16. The apparatus of claim 14, wherein said signature is a selected one of MD5 and SHA-1.
17. The apparatus of claim 12, wherein said programming instructions are designed to perform said periodic determining of whether integrity of the computing device has been compromised by continuously determining whether integrity of the computing device has been compromised, based at least in part on the one or more integrity references of the software entity that are automatically updated during installation of the software entity.
18. The apparatus of claim 12, wherein said programming instructions are designed to perform each of said periodic determining of whether integrity of the computing device has been compromised by verifying a privileged kernel of an operating system of the computing device has not been compromised, based at least in part on one or more integrity references of the privileged kernel of the operating system that are automatically updated during installation of the privileged kernel of the operating system.
19. The apparatus of claim 12, wherein said programming instructions are designed to perform each of said periodic determining of whether integrity of the computing device has been compromised by verifying other privileged software components of the computing device have not been compromised, based at least in part on one or more integrity references of the other privileged software components that are automatically updated during installation of the other privileged software components.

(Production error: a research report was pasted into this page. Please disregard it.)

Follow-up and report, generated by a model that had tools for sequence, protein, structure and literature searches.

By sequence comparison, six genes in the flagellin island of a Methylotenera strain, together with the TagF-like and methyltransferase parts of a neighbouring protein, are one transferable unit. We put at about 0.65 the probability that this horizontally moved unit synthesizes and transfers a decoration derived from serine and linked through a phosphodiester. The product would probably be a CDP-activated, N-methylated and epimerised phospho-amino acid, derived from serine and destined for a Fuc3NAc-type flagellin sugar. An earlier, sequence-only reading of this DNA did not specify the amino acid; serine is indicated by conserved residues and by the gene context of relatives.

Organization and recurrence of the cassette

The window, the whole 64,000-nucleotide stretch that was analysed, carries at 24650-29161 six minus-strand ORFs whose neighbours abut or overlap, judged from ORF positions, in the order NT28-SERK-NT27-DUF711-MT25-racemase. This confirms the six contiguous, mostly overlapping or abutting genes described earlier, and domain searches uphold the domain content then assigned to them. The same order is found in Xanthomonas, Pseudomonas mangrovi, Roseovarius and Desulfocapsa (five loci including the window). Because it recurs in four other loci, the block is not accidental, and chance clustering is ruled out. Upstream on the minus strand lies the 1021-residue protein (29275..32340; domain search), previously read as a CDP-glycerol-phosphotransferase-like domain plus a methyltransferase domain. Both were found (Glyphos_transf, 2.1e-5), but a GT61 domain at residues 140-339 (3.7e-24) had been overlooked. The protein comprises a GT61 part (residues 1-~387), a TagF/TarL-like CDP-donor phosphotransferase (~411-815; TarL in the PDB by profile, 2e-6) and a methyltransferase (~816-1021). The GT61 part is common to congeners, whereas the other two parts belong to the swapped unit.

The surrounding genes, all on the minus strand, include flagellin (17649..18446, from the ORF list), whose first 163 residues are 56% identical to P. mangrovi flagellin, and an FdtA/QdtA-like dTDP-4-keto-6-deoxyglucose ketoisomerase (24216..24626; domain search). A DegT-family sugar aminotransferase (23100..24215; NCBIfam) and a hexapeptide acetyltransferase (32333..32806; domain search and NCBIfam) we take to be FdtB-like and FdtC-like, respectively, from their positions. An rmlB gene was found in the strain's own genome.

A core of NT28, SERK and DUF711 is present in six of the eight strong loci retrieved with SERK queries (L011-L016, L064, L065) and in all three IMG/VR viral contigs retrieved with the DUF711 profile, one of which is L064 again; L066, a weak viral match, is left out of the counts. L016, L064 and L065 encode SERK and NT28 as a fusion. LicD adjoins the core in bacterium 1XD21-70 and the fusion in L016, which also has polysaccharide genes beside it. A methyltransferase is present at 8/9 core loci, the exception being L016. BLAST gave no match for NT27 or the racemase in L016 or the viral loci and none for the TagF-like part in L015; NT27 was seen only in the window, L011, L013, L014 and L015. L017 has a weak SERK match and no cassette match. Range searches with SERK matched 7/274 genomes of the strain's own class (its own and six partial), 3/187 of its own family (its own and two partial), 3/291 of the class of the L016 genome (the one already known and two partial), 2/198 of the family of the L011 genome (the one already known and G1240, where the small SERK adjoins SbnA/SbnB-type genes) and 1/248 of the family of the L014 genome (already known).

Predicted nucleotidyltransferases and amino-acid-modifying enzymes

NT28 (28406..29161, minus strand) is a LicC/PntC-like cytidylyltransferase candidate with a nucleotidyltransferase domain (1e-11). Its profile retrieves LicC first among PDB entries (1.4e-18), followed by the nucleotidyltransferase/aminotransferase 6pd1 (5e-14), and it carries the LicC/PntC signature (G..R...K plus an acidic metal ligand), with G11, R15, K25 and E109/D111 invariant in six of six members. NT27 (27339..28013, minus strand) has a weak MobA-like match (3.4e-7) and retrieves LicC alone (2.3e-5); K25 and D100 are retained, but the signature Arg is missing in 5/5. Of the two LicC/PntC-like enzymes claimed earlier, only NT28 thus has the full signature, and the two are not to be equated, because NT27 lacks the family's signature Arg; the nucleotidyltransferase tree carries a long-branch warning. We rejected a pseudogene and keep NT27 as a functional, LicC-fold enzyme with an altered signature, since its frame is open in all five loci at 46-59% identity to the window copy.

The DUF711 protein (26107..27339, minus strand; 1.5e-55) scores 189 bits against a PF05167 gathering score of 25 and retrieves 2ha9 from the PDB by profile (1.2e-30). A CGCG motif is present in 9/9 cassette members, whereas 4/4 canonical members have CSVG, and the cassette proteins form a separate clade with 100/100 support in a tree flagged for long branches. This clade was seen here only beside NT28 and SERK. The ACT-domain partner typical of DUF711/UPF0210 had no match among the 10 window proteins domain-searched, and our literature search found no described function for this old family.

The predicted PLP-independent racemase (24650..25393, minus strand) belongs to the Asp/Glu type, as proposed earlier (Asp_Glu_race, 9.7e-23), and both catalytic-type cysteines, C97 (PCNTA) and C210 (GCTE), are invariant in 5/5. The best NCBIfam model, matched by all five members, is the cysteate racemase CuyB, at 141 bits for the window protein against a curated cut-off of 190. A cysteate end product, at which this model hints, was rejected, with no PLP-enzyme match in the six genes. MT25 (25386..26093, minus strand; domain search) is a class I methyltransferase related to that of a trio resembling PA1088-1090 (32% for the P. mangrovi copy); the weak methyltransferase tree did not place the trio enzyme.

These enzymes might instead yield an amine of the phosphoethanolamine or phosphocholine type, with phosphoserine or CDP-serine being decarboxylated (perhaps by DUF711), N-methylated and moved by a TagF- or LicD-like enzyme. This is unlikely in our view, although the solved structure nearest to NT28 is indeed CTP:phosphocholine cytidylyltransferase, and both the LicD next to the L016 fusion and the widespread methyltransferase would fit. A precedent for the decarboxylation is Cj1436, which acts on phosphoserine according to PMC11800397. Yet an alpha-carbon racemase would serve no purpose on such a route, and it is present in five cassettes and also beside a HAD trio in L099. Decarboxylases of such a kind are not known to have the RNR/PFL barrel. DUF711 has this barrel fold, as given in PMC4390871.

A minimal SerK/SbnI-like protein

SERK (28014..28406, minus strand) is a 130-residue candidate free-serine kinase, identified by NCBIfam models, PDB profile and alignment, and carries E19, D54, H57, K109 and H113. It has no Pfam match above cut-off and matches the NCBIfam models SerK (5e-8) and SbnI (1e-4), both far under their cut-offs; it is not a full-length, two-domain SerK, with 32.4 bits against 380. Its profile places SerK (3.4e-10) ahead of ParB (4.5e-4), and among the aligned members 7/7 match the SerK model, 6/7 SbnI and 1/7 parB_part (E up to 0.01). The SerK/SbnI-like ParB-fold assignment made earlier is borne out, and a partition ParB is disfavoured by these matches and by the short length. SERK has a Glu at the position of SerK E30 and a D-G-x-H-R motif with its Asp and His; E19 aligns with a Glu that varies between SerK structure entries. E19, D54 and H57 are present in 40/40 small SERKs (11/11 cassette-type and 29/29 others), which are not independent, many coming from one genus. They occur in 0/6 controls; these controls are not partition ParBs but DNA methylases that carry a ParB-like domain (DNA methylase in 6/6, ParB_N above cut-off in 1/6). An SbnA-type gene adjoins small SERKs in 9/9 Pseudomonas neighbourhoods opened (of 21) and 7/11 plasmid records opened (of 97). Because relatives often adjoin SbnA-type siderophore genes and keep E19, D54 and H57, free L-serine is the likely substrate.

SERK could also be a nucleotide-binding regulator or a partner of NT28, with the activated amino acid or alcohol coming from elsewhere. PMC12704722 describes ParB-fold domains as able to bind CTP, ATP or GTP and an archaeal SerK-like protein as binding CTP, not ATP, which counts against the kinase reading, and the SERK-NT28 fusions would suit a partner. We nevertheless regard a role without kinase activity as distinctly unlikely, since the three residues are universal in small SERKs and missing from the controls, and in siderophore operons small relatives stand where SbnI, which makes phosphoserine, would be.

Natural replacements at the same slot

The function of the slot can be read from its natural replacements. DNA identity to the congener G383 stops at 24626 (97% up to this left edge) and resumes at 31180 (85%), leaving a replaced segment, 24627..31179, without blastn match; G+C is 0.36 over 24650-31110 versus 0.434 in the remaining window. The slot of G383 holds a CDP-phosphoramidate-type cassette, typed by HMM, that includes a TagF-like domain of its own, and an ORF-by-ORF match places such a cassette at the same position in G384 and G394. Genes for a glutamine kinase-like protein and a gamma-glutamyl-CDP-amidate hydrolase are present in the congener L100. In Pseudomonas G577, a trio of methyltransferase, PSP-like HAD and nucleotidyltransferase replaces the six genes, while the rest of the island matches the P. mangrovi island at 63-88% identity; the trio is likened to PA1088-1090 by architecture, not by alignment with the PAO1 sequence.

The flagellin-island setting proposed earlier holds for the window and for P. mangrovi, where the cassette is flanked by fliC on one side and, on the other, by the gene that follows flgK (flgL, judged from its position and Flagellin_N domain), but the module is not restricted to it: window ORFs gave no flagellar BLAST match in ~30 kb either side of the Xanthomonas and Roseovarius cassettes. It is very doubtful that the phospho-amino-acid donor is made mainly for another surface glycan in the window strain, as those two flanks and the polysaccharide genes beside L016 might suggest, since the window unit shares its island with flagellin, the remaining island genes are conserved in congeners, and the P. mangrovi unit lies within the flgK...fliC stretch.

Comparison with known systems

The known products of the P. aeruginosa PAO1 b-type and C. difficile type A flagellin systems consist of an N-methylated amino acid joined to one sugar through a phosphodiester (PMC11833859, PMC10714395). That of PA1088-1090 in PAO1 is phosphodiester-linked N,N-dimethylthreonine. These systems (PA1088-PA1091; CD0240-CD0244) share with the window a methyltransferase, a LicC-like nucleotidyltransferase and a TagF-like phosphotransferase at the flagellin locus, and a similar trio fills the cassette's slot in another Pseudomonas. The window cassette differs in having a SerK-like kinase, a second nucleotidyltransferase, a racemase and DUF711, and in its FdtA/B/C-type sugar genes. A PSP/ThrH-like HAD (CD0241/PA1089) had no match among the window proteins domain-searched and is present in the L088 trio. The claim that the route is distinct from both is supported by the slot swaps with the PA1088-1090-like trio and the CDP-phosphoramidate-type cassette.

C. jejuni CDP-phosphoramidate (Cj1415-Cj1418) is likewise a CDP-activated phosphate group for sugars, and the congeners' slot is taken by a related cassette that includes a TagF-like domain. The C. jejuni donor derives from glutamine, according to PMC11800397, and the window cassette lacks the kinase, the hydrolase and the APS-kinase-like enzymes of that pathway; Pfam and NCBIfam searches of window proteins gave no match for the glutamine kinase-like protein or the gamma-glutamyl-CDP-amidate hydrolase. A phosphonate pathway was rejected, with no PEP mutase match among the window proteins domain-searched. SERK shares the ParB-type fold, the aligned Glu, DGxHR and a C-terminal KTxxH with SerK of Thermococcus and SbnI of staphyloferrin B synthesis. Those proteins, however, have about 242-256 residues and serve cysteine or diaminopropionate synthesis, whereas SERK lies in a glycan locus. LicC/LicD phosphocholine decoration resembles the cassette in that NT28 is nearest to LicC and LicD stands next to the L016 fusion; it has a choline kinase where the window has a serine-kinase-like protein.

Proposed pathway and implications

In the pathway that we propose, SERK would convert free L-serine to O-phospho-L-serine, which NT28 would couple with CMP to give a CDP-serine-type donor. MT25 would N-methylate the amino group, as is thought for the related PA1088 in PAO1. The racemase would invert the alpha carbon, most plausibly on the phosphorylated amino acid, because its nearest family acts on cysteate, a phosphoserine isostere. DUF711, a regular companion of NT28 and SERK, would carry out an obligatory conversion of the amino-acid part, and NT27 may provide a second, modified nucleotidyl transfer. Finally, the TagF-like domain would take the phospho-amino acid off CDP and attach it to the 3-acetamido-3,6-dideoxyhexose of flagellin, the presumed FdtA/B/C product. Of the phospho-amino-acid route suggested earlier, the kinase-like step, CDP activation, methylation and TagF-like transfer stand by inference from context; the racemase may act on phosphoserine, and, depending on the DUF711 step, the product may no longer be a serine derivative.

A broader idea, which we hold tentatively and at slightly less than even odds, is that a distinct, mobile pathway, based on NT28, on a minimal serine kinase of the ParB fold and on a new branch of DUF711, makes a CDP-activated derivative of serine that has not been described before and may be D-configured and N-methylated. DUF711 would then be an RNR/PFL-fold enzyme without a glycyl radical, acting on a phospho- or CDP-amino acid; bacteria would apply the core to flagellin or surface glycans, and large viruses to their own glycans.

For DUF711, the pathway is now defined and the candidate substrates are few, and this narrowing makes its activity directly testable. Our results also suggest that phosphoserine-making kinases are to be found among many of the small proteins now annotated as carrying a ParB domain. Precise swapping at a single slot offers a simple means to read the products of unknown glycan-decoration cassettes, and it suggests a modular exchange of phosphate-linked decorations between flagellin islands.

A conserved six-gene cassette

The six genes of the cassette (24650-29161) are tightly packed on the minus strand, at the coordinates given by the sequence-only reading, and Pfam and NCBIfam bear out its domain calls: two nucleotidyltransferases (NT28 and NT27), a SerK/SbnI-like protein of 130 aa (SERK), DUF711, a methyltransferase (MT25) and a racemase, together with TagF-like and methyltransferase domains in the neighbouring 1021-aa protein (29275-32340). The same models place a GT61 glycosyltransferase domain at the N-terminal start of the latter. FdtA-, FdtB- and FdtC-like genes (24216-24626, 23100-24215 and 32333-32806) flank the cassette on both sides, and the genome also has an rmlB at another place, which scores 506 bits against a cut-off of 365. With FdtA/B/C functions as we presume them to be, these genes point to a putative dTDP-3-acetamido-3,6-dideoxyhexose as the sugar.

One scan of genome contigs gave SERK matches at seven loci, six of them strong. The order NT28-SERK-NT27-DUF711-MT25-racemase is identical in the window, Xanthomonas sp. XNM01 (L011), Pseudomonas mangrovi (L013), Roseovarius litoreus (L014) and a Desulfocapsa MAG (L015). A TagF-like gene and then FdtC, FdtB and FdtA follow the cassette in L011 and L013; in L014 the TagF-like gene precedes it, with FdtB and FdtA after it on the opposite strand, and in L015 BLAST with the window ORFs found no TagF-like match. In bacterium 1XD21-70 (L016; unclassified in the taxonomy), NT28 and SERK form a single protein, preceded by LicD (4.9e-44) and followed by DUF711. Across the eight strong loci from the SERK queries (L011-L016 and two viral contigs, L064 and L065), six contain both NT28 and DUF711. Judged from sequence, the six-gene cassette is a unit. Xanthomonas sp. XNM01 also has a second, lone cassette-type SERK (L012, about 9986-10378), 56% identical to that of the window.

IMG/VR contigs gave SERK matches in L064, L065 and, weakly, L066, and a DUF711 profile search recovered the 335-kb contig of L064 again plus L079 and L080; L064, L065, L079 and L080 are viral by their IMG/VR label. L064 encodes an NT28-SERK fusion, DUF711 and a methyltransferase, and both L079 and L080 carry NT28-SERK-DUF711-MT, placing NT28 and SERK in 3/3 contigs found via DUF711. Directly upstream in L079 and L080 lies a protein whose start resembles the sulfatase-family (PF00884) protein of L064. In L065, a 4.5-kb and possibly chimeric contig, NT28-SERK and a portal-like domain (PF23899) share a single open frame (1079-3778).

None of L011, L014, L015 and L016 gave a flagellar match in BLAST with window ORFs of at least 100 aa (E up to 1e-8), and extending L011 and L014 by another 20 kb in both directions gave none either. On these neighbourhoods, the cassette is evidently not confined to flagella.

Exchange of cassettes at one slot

20. The apparatus of claim 12, wherein said programming instructions are designed to perform each of said periodic determining of whether integrity of the computing device has been compromised by verifying shared non-privileged software components of the computing device have not been compromised.
21. The apparatus of claim 12, wherein said programming instructions are designed to perform each of said periodic determining of whether integrity of the computing device has been compromised by verifying non-shared and non-privileged software components of the computing device have not been compromised, based at least in part on one or more integrity references of the non-shared and non-privileged software components that are automatically updated during installation of the non-shared and non-privileged software components.
22. The apparatus of claim 12, wherein said programming instructions are designed to perform each of said periodic determining of whether integrity of the computing device has been compromised by verifying certain designated system data of the computing device have not been compromised, based at least in part on one or more integrity references of the designated system data that are automatically updated during installation of system software of the computing device.
Description
FIELD OF THE INVENTION

The present invention relates to the field of computing. More specifically, the present invention is related to trusted computing.

BACKGROUND OF THE INVENTION